GAAPPosted: September 22, 2011
GAAP is the abbreviation for Generally Accepted Accounting Principles. After law school, I worked for KPMG-Omaha as an auditor and tax accountant. I’ve lost much knowledge since I haven’t been in public accounting for some time, but I can still kinda speak the language. (Cue DK or Stu or Pete or some other sharp accountant to flame me in a minute.)
A common line item on a balance sheet is Accounts Receivable, which, as the name implies, is an asset. Someone owes you money. (That Someone’s balance sheet has an Accounts Payable line item.) You’ve provided a product or service and completed the work and now await payment.
My and your lives have Accounts Receivable. We’ve done stuff for ourselves and others, and we’ll be paid back at some point–whether today, next week, next year, or in 4 decades. Building one’s life means considering what type of A/R we’re generating. And normally, good A/R is tough to build. Workouts are hard if done well. Workdays require effort, persistence, and concentration. Raising littler people correctly may be the toughest A/R to generate, but think of the payoff. Work and think hard. You’ll build good A/R.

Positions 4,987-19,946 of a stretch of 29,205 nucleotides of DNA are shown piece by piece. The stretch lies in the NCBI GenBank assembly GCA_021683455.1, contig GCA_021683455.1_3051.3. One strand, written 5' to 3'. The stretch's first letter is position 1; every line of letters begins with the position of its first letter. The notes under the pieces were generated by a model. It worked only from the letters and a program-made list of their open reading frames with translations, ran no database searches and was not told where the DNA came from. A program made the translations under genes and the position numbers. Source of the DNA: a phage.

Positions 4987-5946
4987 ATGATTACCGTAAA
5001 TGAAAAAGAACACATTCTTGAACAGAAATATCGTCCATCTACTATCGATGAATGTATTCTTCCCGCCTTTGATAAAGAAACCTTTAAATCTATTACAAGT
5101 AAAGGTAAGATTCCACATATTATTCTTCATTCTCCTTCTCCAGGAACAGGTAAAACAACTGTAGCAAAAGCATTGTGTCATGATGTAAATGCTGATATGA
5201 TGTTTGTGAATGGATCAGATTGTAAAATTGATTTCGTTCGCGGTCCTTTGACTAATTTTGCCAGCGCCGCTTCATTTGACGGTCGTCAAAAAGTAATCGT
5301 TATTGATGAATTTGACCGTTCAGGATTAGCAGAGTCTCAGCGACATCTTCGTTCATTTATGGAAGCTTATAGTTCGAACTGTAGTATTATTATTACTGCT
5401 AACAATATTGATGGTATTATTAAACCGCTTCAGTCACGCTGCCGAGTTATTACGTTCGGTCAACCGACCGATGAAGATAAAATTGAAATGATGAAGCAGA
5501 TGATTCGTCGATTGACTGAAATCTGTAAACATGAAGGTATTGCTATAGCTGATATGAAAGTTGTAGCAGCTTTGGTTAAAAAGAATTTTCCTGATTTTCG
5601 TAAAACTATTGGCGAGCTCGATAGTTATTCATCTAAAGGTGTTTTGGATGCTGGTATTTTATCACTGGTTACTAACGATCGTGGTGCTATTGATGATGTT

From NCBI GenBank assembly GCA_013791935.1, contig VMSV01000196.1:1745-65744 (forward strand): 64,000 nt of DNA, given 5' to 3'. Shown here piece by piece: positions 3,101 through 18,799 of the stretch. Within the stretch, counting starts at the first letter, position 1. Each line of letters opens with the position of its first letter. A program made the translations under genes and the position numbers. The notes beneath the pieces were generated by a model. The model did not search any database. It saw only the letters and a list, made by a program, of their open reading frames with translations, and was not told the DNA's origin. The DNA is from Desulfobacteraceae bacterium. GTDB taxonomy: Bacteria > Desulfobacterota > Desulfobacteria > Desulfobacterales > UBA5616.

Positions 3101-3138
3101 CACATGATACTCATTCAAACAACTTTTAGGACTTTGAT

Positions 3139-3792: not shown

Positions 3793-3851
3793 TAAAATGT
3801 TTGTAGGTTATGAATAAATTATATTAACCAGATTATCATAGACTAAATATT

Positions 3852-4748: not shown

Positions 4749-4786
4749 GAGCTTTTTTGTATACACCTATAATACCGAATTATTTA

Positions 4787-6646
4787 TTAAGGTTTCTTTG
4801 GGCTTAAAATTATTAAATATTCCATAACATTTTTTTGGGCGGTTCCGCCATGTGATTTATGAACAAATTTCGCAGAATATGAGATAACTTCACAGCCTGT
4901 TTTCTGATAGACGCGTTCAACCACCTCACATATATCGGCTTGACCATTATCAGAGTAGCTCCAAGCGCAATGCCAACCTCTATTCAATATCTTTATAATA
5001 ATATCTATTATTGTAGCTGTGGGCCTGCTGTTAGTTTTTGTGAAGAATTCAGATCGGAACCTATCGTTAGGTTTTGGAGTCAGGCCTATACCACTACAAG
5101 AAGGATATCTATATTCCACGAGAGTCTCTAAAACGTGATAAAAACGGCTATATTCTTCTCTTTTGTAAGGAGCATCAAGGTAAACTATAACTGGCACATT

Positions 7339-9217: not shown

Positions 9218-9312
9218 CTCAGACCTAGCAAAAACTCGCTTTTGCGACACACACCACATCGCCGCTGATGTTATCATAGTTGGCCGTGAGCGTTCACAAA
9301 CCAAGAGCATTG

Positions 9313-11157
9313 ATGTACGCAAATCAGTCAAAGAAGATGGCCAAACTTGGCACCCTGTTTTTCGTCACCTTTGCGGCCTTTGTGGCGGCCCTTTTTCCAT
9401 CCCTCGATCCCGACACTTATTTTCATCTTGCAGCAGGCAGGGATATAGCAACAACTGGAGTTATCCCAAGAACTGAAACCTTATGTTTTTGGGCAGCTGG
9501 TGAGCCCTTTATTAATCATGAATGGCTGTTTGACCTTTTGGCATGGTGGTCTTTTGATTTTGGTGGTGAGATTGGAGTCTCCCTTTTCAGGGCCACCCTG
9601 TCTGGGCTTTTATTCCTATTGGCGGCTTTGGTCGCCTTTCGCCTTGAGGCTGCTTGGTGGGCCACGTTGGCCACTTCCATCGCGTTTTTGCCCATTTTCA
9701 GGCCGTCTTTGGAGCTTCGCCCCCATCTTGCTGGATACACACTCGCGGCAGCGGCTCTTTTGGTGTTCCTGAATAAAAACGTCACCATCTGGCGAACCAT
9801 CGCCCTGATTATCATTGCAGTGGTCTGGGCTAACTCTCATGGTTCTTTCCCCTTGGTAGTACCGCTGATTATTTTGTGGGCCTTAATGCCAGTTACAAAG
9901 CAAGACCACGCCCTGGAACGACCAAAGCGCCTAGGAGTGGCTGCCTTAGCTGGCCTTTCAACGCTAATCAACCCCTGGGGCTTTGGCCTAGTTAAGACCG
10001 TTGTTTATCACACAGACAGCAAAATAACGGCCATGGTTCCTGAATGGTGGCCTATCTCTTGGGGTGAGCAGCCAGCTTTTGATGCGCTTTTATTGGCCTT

OK, enough seriousness.
When my nephew Zach was 3, he rode with his dad to a jobsite in the country. (Recall that Bill drills water wells.) They passed a hog farm.
Zach: Ew, dad, that stinks (in 3 y.o.-speak).
Bill: No, son, that smells like money.
Subsequently, Bill and Wife Tonya go to Vegas. Uncle Dan gets one day of prison duty with Zach. We’re watching TV when he beelines to the bathroom off the living room. Upon completion of his task, Zach stands in the doorway, staring at me. After I tell him that he’s too old to require an assist, he turns back to the toilet, leans over, and takes a mighty wiff.
Zach: Smells like money!!
Here’s the Z-Man now with his Taylor Swift lookalike girlfriend.